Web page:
I Can’t Quit You Mr. Starbucks Baby by Laurie Frankel

I have never been able to write at home. I can edit at home, but I cannot create. “Writing at home” is code for doing laundry, watering plants, googling my name, grooming my eyebrows, checking email, researching anti-frizz product, eating chocolate, decoupaging planters and petting the dog. Because of my complete lack of at-home-self-discipline I have always written at a Starbucks. This practice started in 1999 when I lived in Seattle, WA, which makes sense given Seattle is the birthplace of hipster beans at hedge-fund prices.

Jeannie-Phan-Illustrations-This-Magazine-Paradise

While in Seattle, I lived in the groovy town of Fremont, home to the Fremont Troll and, in celebration of the Summer Solstice, the Bike Naked Parade (a parade in which yes, grown men and women biked naked; let’s just say not everyone should be naked . . . in public . . . with paint on their balls). Near my apartment there was a small, dingy Starbucks with make-up free, funky smelling baristas with a comfy, if-I-sit-on-this-will-I-catch-something arm chair in the front window. Eighty percent of the time, some indefinable creative energy would take over, and I’d write two pages.

In 2001, for a variety of reasons, I moved to the buttoned-up, pod city of Orange County, CA, a place where the type of car you drive influences your child’s college admission and having your breasts redone every ten years is automatically factored into your retirement plan. In Seattle, if people were petitioning, it was to save the whales or hemp forests or VW buses. In OC, it was to end school funding or deport illegal immigrants (except for the ones who picked fruit, cleaned houses, and cared for the progeny of fancy car owners—those ones could stay).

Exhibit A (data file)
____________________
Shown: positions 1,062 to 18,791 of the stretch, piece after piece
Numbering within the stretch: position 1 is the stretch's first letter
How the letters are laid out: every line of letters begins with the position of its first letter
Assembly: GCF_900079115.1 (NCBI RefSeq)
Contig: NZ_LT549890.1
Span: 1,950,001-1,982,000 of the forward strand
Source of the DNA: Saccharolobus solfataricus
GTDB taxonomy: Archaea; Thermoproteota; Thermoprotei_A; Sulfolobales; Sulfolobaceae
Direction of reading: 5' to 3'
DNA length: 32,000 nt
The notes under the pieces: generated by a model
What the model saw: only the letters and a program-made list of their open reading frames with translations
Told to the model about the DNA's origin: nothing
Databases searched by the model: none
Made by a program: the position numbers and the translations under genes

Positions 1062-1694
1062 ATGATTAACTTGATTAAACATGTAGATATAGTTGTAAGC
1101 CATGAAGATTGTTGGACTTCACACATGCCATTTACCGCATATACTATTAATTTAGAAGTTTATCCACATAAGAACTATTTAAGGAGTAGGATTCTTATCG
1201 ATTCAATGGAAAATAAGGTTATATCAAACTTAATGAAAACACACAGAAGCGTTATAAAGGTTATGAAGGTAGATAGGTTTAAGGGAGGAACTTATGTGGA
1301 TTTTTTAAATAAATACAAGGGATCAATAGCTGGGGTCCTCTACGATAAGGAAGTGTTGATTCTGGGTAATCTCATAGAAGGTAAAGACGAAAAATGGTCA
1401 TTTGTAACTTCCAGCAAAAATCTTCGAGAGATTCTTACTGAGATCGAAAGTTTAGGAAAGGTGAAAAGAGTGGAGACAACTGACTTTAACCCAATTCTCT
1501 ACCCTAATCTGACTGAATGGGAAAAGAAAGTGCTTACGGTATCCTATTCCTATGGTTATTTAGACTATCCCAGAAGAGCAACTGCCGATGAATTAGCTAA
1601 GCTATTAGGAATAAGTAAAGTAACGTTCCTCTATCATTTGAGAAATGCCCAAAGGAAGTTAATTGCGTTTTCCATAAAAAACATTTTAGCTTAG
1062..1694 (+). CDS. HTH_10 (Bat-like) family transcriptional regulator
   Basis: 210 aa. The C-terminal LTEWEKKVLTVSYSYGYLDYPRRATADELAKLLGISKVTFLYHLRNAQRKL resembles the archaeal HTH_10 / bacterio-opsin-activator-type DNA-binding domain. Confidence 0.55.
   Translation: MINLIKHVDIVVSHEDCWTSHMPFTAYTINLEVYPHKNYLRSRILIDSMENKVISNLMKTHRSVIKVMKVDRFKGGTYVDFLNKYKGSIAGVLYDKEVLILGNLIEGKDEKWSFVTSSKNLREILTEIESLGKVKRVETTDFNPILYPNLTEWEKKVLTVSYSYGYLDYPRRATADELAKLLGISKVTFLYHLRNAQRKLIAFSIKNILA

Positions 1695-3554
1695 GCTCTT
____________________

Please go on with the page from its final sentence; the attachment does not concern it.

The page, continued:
Lucky for me there was a nearby Starbucks complete with a gas fireplace surrounded by four over-sized pleather armchairs. With the flick of a switch, a gentle yellow glow appeared from within the glass enclosure which, if you sat within two inches of it, emitted heat. I loved this Starbucks. It was my creative haven. Writing can be such a lonely endeavor and there, among the many, I didn’t feel alone. I got to experience being with people without having to really be with people (Jeopardy answer: what is an introvert?) Occasionally, I had conversations that went like this:

Guy with British accent: Got your Christmas tree up?

Me: Well, I’m Jewish, so no.

Guy: Ok, but you put up a Christmas tree, don’t you?

And I befriended the dreadlocked barista who, without asking, regularly supplied me with free morning buns until he had to move back to Montana for drug rehab.

Jeannie-Phan-Illustration-QQ-ReadingFebruary 2013, my Starbucks got a makeover. “Fire”place? Gone. Pleather chairs? Gone. Morning bun? Still there but now with posted nutritional content: 350 calories, 40% of which were fat! Basically they paved paradise with faux-wood plank flooring and made a larger, more efficient coffee bar, a streamlined food heating station, and for those who wanted to pay even more for coffee, they added the—wait for it (because it takes a while)—single-cup Clover Brewing System.

Why Mr. Starbucks, why? Because you’re sick and tired of people paying $2 to sit around all day in your store filching the WiFi and messing up the restrooms?

Mr. Starbucks: Yes.

Me: Oh.

Hello, Newport Beach Public Library! One year later, it’s a beautiful Saturday afternoon and I am in the library scribbling (I write longhand and yes, I have plumbing). I am surrounded by students, the homeless, movie watchers, book readers, and those catching up on sleep (often one and the same). This library with its recent 17,000 sq.ft. expansion is pretty swank with it’s mod decor, concrete bunny sculptures, and did I mention, café? Yes, café! So eff you Starbucks. Except for my five-day-a-week morning coffee and spinach feta wrap run, who needs you?

Mr. Starbucks: You do.

Me: Right, sorry.


Laurie Frankel’s fiction and non-fiction have appeared in North American ReviewShenandoahThe Literary ReviewAlaska Quarterly Review, and The Pedestal Magazine. Read her latest book There’s a Pattern Here & It Ain’t Glen Plaid, about which Kirkus Reviews says: “. . . laugh-out-loud funny . . . great practical suggestions . . . A quirky, earnest guide to regaining self-esteem for the modern woman.”  Contact her at LauriesLoveLogic.com


Illustrations done by Jeannie Phan, a full-time freelance illustrator who specializes in conceptual editorial work. Originally hailing from the prairies of Canada, she is now based in a studio in Toronto’s West End.

For the Love of Bucket Lists By Jessica Morey-Collins